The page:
Nuer verbs occur in two separate categories when considered in their relationship to their objects.
They are divided into Transitive and Intransitive which will be explained here.
A woman is talking to her child and says:
||Gatdä̲, ci̲ mi̲th mïdan? Kuä̲n a thïn rɛy duëël.
My child did you eat a little while ago? There's porridge in the House.
||Kä̲ cä̲ re̲c bu̲̩l kɛ kui̲cdu̲, ŋotɛ maac. /Ke̲n buɔ̩th i̲ nä̲k?
And I roasted fish for you, it is still on the fire. Has hunger not killed you?
||Cä̲ mi̲th, madi̲n. Cä̲ mi̲th kɛ kuä̲n, ci̲ tha̲a̲ndɛ duɔth, Cä̲ re̲c cam kɛɛliw, tä̲ä̲mɛ cä̲ riä̲ŋ.
I've eaten, mother. I ate porridge, some of it remains. I ate the fish completely, now I'm full.
||Cak a thï̲n rɛy dia̩r. Ruɛ̲th kɛ. Thu̲k kɛ kɛn diaal.
There's milk in the milk gourd. Drink them. Finish them all of them.
||Diaar a ni̲?
Where is the milk gourd?
||Bi̲ jï̲n ɛ wä̲ jɛ̲k rɛy duëël thaar duëël gɛ̲kä̲ diëny.
You will find it in the house in the back of the house beside the baby-basket.
Further examples of Transitive-Intransitive verbs.
- Cä̲ maath kɛ pi̲w. -- I drank (with) water (and not something else).
Cä̲ pi̲w math. -- I drank (the) water.
- Cä̲ thuɔ̲k kɛ la̲t. -- I finished (with) work (and not something else).
Cä̲ la̲t thu̲̩k. -- I finished (the) work.
- Cä̲ ruac kɛ ruac. -- I talked (with) talk (and not something else).
Cä̲ jɛ lar. (Cä̲ jɛ lat.) -- I said it.
- Cä̲ lä̲t kɛ la̲t. -- I worked (with) work (not something else).
Cä̲ la̲t la̲t. -- I worked (the) work.
- Cä̲ gɔa̲r kɛ warɛgak. -- I wrote (with the) letter (and not something else).
Cä̲ warɛgak gɔ̲r. -- I wrote (the) letter.
- Cä̲ piɛ̲th kɛ bɛl. -- I planted (with) dura (and not something else).
Cä̲ bɛl pith. -- I planted (the) dura.
- Cä̲ ciöt kɛ ciöt. -- I called (with a) call (and not something else).
Cä̲ jɛ cɔl. -- I called him.
- Cä̲ puaak kɛ gat. -- I bathed (with) the child (and not something else).
Cä̲ gat puɔk. -- I bathed (the) child.
- Cä̲ tëk kɛ tëk. -- I lived (with) life (and not something else).
Cä̲ jɛ tɛ̲k. -- I lived him i.e. made him to live.
- [iö] is a difficult diphthong spoken between the -o as in "toe" and the -u of "foot".
- Most Nuer verbs have a Transitive and Intransitive stem. e.g. [cam] means "to eat" and grammatically it requires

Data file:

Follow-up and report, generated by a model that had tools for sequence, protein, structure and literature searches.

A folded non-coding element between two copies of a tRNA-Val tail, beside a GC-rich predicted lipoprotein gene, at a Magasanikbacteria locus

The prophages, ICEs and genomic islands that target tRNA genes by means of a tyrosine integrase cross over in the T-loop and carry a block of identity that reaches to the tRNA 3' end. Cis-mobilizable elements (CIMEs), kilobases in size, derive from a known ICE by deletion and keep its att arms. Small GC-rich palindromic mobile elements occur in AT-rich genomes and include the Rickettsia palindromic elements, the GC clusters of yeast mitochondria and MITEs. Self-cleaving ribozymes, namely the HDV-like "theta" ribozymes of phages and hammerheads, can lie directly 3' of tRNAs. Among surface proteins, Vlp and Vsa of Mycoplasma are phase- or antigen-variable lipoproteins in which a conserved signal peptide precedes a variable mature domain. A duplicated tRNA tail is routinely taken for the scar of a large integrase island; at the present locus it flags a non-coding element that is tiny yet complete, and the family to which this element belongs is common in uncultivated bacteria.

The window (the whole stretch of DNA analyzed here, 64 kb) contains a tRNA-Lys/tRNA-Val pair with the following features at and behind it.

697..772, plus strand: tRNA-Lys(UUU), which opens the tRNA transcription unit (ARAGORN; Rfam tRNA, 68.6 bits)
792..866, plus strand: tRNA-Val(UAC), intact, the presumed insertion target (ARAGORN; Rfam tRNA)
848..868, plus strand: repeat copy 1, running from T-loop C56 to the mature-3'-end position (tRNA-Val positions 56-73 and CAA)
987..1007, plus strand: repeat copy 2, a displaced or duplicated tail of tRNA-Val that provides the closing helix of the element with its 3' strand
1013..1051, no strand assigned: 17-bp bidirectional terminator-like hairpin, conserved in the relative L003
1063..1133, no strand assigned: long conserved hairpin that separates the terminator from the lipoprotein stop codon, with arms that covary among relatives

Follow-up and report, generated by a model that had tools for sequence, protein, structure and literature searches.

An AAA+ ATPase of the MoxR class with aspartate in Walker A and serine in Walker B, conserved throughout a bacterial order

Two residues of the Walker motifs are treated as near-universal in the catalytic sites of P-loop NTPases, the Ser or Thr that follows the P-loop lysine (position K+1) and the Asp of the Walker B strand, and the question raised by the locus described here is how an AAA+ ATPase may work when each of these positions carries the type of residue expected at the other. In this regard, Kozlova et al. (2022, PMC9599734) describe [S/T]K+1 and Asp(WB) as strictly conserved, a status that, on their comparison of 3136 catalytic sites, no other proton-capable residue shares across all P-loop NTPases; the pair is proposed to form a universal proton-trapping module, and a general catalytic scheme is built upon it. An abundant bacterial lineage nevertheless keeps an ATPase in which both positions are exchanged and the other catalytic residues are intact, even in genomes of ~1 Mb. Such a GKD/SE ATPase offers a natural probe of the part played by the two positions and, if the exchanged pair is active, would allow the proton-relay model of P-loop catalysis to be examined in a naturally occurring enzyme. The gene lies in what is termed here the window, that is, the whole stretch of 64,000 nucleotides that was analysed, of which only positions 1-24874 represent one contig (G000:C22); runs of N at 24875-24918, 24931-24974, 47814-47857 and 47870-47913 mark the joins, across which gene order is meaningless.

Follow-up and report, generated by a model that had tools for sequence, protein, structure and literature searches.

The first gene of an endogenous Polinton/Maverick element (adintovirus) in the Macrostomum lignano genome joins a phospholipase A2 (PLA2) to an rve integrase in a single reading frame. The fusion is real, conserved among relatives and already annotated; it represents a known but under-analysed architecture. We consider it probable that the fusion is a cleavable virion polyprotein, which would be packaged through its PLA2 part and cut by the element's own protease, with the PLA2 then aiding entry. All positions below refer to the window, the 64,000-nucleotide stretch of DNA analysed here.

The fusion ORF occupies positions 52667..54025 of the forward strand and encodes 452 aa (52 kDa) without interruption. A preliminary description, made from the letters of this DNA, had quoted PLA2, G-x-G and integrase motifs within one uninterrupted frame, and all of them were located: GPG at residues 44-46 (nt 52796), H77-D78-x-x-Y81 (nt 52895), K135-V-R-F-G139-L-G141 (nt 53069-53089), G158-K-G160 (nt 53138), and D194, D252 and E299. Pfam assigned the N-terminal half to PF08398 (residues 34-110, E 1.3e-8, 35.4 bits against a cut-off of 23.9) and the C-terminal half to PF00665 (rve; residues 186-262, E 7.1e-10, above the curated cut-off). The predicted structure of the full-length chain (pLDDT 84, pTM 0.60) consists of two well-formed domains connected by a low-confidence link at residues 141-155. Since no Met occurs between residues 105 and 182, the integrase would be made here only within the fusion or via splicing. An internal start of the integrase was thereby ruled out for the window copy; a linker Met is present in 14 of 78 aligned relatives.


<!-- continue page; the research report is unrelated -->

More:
an object. [mi̲th] also means "to eat" but like "to dine" it does not require an object to complete it. However, this
transitive intransitive idea in Nuer has a wider scope in actual meaning than does the English idea. It is
also subtle and a bit difficult to grasp in every instance. Grammatically, the transitive verb many either
stand alone or take an object in the form of a prepositional phrase.
Definition of meanings:
- Transitive: The transitive form of the verb indicates a definite and specific object without reference
to anything else.
- Intransitive: The intransitive form of the verb indicates a specific, contrastive object when it is
followed by a prepositional phrase or clause introduced by the preposition [kɛ].
- [Cɛ kuä̲n cam. ] -- He ate (the) porridge. Trans. specific object but not necessarily contrastive with
- [Cɛ mi̲th kɛ kuä̲n. ] -- He dined with (on) porridge (and not something else). Intransitive.
A specific object but in contrast with all other possible foods.
- As can be observed throughout these lessons, both types of verbs, transitive and intransitive, occur in all 3
aspects and in the various moods of the verb. But each is a unit in itself and must be learned separately.
There is no way of predicting a transitive form from an intransitive form or vice-versa. They are, for the most
part, totally unrelated phonemically.
Most Nuer verbs occur in both these grammatical environments and are sometimes strange sounding to
- Cä̲ tɔ̲ɔ̲c. -- I lay down. (Intrans.)
- Cä̲ gat tɔa̲a̲c. -- I laid the child down.
- Cä̲ nyu̲u̲r. -- I sat. (Intrans.)
- Cä̲ gat nyuɔ̲ɔ̲r. -- I sat (the) child.
- Cä̲ bɛ̲n. -- I came. (Intrans.)
- Cä̲ jɛ bëë. -- I came-for it.
- [tha̲a̲ŋ] is a noun meaning "some" i.e. less than half of the minority. It has no plural. A second word [ri̲w]
is a noun meaning "some" i.e. half or more, or the majority. When these words are suffixed with the
possessive adjective endings the resultant meaning follows this pattern:
- Some of you, some of it, some of us, some of them.
e.g. [Göörä̲ tha̲a̲ndiɛn. ] -- I want some of them.
- When either if these nouns occurs unsuffixed with another noun the meaning is still "some of..." or "some".
e.g. [Tha̲a̲ŋ wu̲tni̲ cikɛ bɛ̲n. ] -- some men came.
- The verb [ruɛ̲th] is used with drinking milk only, in E. Nuer.
- The verb [ŋot] is the Nuer equivalent of "lissa" in Arabic. It means both "still" and "not yet" depending on how you look at it!
- Double verbs are common in Nuer speech particularly in connection with the verbs [bɛ̲n] and [wä̲]. They take the place of an
infinitive in English when used as the direct object of the verb.
- [Göörä̲ wä̲. ] -- I want to go.
A verb in the 2nd Aspect may follow a verb in any of the 3 aspects to make a double verb construction.
- Wa̲a̲ mi̲th. -- I am going to eat.
- Cä̲ wä̲ mi̲th. -- I went to eat.
- Bä̲ wä̲ mi̲th. -- I will go to eat.
- Wa̲a̲ jɛ nɛn. -- I am going to see it.
- Cä̲ jɛ wä̲ nɛn. -- I went to see it.
- Bä̲ jɛ wä̲ nɛn. -- I will go to see it.
Intransitive verbs -- the two verbs occur together. Transitive verbs -- The 1st Aspect has the
direct object of the double verb in between the two verbs (see example above). In all instances the object may
be anything from a word to a clause.
- Bi̲ ɤä̲n mi̲ ci̲ jï̲n ɛ la̲r ɤä̲ bɛ̲n nɛn.
I will come and see (the thing) which you told me. (3rd Asp.)